The BBC’s technology correspondent, Rory Cellan-Jones is to take up a new, temporary position as the Corporation’s digital election correspondent from tomorrow (10 March). He will be covering the the General Election before returning to his former post.
He writes on his blog: "I'm taking up a temporary position as the BBC's digital election correspondent, with the job of examining how politicians and voters are using new technology in the run-up to the general election. I will still keep an eye on the rest of the technology landscape, but the blog will gradually become infused with the political scene."
Cellan-Jones adds: "There are doubts about just how big a role social media played in the Obama campaign - good old-fashioned e-mail seems to have been the key weapon - and about whether methods which work in the United States where voters and money coalesce around invidual politicians rather than parties can translate to the UK.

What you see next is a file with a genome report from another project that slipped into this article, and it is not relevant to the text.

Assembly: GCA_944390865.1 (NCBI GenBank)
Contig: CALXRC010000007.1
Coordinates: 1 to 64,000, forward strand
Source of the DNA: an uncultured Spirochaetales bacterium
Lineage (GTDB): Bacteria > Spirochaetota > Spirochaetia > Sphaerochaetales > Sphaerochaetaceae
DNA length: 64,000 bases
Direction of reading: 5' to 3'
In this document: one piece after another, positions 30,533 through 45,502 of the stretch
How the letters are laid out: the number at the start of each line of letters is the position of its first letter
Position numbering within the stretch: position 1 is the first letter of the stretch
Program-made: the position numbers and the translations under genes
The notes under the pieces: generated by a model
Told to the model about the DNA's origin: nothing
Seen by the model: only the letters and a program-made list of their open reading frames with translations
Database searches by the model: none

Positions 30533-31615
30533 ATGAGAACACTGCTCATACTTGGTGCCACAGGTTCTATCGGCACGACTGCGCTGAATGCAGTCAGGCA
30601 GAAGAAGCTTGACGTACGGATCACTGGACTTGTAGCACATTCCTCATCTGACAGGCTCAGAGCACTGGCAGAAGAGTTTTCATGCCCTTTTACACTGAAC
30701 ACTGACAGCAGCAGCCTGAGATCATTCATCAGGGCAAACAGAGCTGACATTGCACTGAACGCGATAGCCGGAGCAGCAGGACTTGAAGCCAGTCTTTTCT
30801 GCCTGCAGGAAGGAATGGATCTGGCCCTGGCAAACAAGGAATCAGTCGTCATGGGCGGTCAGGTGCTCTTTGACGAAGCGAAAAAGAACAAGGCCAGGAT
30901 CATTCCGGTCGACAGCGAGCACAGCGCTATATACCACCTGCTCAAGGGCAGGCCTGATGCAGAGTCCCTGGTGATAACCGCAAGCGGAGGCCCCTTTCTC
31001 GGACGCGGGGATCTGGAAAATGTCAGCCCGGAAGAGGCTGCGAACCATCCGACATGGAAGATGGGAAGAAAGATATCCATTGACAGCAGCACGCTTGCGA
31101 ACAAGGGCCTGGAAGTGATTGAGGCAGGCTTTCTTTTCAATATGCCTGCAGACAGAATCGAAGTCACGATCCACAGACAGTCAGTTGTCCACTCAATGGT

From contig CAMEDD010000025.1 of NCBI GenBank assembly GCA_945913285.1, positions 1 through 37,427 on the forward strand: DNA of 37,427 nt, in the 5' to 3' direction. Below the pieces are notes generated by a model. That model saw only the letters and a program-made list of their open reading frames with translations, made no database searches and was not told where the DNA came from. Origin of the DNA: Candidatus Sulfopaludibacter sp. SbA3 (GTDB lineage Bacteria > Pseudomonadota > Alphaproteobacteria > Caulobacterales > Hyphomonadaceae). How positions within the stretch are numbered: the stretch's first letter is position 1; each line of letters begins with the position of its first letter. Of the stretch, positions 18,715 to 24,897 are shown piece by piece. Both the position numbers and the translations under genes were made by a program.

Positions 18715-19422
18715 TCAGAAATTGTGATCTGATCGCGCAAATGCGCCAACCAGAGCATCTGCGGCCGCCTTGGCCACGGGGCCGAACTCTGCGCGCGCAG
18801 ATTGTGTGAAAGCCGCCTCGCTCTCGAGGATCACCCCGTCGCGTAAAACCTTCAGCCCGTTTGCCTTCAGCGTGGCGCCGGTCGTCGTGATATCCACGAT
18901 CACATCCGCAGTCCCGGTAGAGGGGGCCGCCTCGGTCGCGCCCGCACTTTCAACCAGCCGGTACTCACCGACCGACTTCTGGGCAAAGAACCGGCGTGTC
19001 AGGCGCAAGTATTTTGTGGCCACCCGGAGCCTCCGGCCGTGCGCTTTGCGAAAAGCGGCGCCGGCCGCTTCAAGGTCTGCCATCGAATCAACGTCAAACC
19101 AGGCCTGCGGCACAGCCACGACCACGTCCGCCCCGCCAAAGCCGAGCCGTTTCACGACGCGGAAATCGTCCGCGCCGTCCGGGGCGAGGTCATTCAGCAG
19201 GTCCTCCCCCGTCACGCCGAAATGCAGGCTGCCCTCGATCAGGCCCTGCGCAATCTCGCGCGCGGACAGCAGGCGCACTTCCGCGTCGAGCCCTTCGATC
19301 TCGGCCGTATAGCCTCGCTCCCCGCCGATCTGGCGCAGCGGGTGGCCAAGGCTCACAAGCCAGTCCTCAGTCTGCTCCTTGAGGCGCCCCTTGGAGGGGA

"Nevertheless, I do think that new technology will mean this election will be very different from the previous one - and there will be plenty for me to get my teeth into. In 2005, Facebook, YouTube, Twitter, and smartphone apps either did not exist or had yet to have much effect; this time, the parties and the voters will all be working out how to use them to their advantage. The effect of technology will be felt in two areas: the organisation of the campaign and the acceleration of the news cycle."
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